The Politics of Teacher Professional Development
Policy, Research and Practice
By Ian Hardy
Routledge – 2012 – 228 pages
Series: Routledge Research in Education
The Politics of Teacher Professional Development: Policy, Research and Practice provides innovative insights into teachers’ continuing development and learning in contemporary western contexts. Rather than providing a list of "how-tos" and "must dos," this volume is premised on the understanding that by learning more about the current conditions under which teachers and other educators work and learn, it is possible to understand, and consequently improve, the learning opportunities teachers experience. Teacher professional development is not simply construed as an isolated series of events, such as day-long workshops marking the beginning of each school year or term, or individualistic "one-off" activities focused on new teaching approaches, curricula or assessment strategies. Rather, through application of sociologist Pierre Bourdieu’s understanding of social practices as contested, teacher professional development is revealed as a complex social practice which exists as policy, as a research product and process, and as an important part of teachers’ work. The book reveals how PD as policy, research and teachers’ work are inherently contested. An extended series of case studies of teacher professional development practices from Canada, England and Australia are employed to show how these tensions play out in complex ways in policy and practice.
"This book shows that in relation to teachers’ professional development, politics really is inherent; it can’t be wished away or defined away. Teachers’ work—which I think is one of the most complex, difficult and important forms of labor on the planet—is shaped by many institutional pressures and demands, among them those around professional learning. This can be a site of conformity, institutional conservatism, and the reproduction of existing social privileges and hierarchies. But it can be the occasion for creative practice that develops resources for a richer and more open-ended education system…. The capacity to examine and re-shape professional practice has to emerge from inside the profession, if it is to be a profession and not the tool of market-intoxicated governments. The issues that Ian Hardy addresses in this book matter to the future of Education, and getting so much clarity about them is a great contribution."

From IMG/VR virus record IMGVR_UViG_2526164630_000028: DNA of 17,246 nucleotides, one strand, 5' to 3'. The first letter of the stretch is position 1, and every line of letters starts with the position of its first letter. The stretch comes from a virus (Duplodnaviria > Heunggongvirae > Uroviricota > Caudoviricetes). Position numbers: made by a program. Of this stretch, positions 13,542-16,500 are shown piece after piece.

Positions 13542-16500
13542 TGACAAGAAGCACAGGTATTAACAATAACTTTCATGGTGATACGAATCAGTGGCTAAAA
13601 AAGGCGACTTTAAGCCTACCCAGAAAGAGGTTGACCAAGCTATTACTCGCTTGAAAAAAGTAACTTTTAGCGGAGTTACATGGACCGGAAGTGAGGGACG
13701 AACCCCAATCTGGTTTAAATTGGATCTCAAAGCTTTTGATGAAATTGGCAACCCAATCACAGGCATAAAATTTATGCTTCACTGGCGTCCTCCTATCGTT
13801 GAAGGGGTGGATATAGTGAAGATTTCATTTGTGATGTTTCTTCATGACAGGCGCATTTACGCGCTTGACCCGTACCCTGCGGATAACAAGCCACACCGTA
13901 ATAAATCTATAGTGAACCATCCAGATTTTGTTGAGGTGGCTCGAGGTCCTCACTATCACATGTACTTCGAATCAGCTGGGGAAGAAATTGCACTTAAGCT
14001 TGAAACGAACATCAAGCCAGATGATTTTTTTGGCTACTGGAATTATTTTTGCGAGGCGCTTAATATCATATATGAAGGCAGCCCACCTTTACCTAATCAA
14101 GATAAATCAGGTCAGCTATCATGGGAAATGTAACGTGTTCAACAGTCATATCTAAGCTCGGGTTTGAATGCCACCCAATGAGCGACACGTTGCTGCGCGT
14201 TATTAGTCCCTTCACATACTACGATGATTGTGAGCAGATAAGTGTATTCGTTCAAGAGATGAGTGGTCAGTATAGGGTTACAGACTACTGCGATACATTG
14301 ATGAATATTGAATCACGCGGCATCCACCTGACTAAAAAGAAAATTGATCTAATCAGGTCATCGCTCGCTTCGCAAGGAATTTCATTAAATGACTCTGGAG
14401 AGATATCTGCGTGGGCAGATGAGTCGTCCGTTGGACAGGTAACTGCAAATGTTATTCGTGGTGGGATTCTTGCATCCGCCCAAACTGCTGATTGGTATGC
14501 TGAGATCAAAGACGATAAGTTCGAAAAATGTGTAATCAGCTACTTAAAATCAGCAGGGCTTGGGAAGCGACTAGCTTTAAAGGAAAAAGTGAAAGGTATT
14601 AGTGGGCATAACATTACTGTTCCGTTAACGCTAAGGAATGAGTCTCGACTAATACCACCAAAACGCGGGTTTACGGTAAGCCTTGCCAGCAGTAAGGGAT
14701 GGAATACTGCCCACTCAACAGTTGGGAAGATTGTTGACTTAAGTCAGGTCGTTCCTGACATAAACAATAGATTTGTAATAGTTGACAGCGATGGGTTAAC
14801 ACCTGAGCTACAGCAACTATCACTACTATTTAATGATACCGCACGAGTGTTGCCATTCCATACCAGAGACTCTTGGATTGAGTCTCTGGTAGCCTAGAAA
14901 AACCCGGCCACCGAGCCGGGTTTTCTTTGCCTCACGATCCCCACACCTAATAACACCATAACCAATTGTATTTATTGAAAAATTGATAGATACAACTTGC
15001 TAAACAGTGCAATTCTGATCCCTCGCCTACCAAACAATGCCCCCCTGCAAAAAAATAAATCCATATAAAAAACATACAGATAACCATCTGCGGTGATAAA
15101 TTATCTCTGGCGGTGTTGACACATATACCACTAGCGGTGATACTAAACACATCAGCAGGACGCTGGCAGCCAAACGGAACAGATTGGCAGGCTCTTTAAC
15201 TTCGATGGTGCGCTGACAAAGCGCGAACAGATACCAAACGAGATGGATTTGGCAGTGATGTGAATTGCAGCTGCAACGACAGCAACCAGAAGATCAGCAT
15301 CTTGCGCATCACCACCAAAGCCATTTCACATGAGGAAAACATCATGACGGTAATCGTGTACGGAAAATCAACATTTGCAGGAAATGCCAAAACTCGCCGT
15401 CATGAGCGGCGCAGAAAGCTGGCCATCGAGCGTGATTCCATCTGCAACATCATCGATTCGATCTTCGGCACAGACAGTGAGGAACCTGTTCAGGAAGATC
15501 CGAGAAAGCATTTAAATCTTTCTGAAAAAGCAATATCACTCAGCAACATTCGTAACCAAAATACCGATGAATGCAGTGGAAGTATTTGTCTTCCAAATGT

—from the foreword by Raewyn Connell, University of Sydney
"Teachers and their work are intrinsically influenced by policy and politics under current global conditions. Like winds across the world, we observe the same controls blowing over teachers, such as the use of standardized tests to measure and manage student and teacher learning. In The Politics of Teacher Professional Development, Ian Hardy shows how these processes play out, and how understanding the conditions in which teachers' professional development has evolved is essential to making sense of current educational practices. At the same time, he also argues that the education of teachers from within the profession is vital for ongoing development and renewal. The book is a great contribution to clarify just how politics and teacher professional development are so intricately imbricated, how problematic this relationship can be at times, but also how a positive politics on the part of teachers can sow the seeds of hope for genuinely educative experiences for all."
- Professor Karin Rönnerman, University of Gothenburg, Sweden
1. Introduction: Professional Development in Context, and as Contest Part I: Professional Development as Policy and Research 2. Educational Policy, Politics and Professional Development 3. Professional Development as Research: From Process to Product? Part II: Professional Development in Practice 4. Professional Development in Practice: PD as Teachers’ Work 5. Professional Development in Practice: PD in Australia, Canada and England 6. Conclusion: The Politics of Teacher Professional Development
Ian Hardy is Lecturer in the School of Education at the University of Queensland.